Myths about online water washing

August 27 2014 - TI Staff

A paper by Klaus Brun and Terence Grimley of SWRI, Rainer Kurz of Solar Turbines, and William Folles at ASME/IGTI, 2014 dealt with ‘Experimental evaluation of the effectiveness of online water washing in gas turbine compressors.’ Below are excerpts from the paper.

"An investigation of the effectiveness of online combustion turbine axial compressor washing using various purity grade waters and commercial washing detergents was performed. For this project, blade surface fouling dirt was obtained from gas turbine axial compressor blades installed at various field sites.

The dirt was analyzed to determine the composition and consistency of typical blade surface fouling materials. A representative dirt formula and blade coating procedure was developed so that comparative tests could be performed using various cleaning fluids. Dirt coated blades were installed in a wind tunnel capable of simulating compressor operating conditions. A spray nozzle upstream of the blade test section was used for washing blades with five different test liquids to determine the effectiveness or advantages of any liquid.

Once this testing was completed, a similar test setup was then utilized to inject a mixture of formulated fouling dirt and the various online cleaning liquids upstream of the blade into the wind tunnel to assess redeposit characteristics. The effect of high-purity water versus regular water on fouling dirt was also studied in separate residue experiments. Results indicate that spraying cleaning fluid into a flowing air stream is a viable means of cleaning a compressor blade. Each of the fluids was able to clean the test blade at both low and high air velocities, and at different blade incident angles.

Within the parameters/ fluids tested in this study, the results indicate that:

1.    Spraying cleaning fluid into a flowing air stream is a viable means of cleaning a compressor blade. Each of the fluids was able to clean the test blade at both low and high air velocities and at different blade incident angles. However, for all tested cleaning cases, there was always an area of the blade where some fouling deposits remained.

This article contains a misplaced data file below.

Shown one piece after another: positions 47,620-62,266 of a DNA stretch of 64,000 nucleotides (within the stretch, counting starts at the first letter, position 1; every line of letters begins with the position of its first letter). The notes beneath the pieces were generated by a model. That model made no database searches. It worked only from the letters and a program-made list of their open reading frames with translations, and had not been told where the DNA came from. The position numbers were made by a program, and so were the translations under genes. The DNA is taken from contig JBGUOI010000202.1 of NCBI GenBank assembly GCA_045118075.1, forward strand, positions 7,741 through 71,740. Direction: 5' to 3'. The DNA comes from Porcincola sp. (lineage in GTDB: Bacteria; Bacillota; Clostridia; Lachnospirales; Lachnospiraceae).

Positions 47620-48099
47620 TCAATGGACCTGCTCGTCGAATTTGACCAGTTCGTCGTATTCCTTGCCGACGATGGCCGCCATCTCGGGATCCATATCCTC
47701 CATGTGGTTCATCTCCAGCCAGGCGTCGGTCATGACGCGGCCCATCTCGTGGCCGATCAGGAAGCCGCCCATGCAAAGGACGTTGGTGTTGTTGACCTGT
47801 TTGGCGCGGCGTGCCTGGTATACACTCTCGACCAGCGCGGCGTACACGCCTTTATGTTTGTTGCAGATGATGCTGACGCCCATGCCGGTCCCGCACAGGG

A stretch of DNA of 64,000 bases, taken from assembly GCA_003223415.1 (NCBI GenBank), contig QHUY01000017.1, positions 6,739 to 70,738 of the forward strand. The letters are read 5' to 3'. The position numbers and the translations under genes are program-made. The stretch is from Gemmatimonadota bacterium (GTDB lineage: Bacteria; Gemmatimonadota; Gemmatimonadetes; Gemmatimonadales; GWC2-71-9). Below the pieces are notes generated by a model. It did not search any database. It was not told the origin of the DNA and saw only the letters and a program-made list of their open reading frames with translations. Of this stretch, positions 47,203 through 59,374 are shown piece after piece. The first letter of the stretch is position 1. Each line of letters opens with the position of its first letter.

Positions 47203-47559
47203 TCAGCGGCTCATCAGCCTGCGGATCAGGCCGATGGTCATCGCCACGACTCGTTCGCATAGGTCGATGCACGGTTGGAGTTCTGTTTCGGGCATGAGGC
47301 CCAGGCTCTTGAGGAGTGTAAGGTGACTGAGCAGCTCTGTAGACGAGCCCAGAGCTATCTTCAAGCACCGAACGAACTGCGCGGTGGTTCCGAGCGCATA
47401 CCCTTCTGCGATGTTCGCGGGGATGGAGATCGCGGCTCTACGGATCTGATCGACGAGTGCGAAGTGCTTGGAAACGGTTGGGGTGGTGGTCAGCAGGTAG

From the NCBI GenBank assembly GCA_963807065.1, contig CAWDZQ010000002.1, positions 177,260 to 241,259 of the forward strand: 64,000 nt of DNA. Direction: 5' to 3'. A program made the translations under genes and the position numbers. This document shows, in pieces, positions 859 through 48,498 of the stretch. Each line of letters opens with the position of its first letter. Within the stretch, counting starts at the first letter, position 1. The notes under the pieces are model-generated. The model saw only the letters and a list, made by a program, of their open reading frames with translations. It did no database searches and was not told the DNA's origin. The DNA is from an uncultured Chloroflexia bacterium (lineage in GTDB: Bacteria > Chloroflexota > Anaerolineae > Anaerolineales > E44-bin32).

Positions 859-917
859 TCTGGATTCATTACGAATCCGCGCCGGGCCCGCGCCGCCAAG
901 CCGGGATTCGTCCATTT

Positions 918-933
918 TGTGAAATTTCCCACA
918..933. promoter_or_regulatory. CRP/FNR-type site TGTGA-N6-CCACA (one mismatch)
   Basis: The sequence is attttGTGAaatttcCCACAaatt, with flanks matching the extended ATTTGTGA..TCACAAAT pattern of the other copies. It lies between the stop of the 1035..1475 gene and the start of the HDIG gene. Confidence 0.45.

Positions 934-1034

2.    The blade cleaning is primarily a mechanical (droplet impact) function and does not depend on the fluid used for cleaning. Test results show that most of the cleaning occurs shortly after the cleaning fluid is introduced into the flow stream. The type of fluid used did not have a significant impact on the cleaning effectiveness.

3.    Dirt removed from the blades will redeposit in downstream stages as the cleaning fluid is evaporated. Redeposit occurred in flow recirculation zones during the cleaning tests, and heated flow tests demonstrated dirt deposit in the presence of a cleaning fluid. The type of fluid used for cleaning has no effect on the redeposit characteristics of the dirt.

4.    Blade erosion was not found to be a significant issue for the short durations that online water-washing is performed. However, uncontrolled water-washing (or overspray) for extended periods of time does result in measureable leading and trailing edge blade erosions.

5.    The results suggest that it may be beneficial to the cleaning process to slow the compressor speed or vary the cleaning fluids spray rate while the online wash is being performed. The results show that most of the cleaning occurs shortly after the cleaning fluid is introduced into the flow stream.

Field tests with online water-washing should include tests with varied cleaning times. The issue of redeposit should be addressed during field testing; if possible, inspection of downstream compressor stages should be used to assess the transport and redeposit of dirt from early to later compressor stages.

The objectives and results of this study can be summarized with the previously posed four questions and answers:

1.    Does online cleaning work? Yes, wind tunnel blade test results indicated up to 95 percent removal of blade fouling is possible.

2.    Is there any difference between any of the online cleaning liquids? No, there was no clear evidence that any of the liquids or detergent mixes improved the overall blade washing efficiency.

3.    Will dirt be removed during online cleaning redeposit once the cleaning liquid has been evaporated? Yes, redeposit tests showed that a significant fraction of the dirt will redeposit on downstream blades. The actual quantity of the redeposit depends strongly on the local flow field and the type of particles that are being carried in the free stream.

4.    Do any liquids reduce the redeposit of dirt in the online washing process? No, testing showed that redeposit occurred with all liquids tested, and there was no clear evidence that any mixtures or detergents reduced particle redeposit."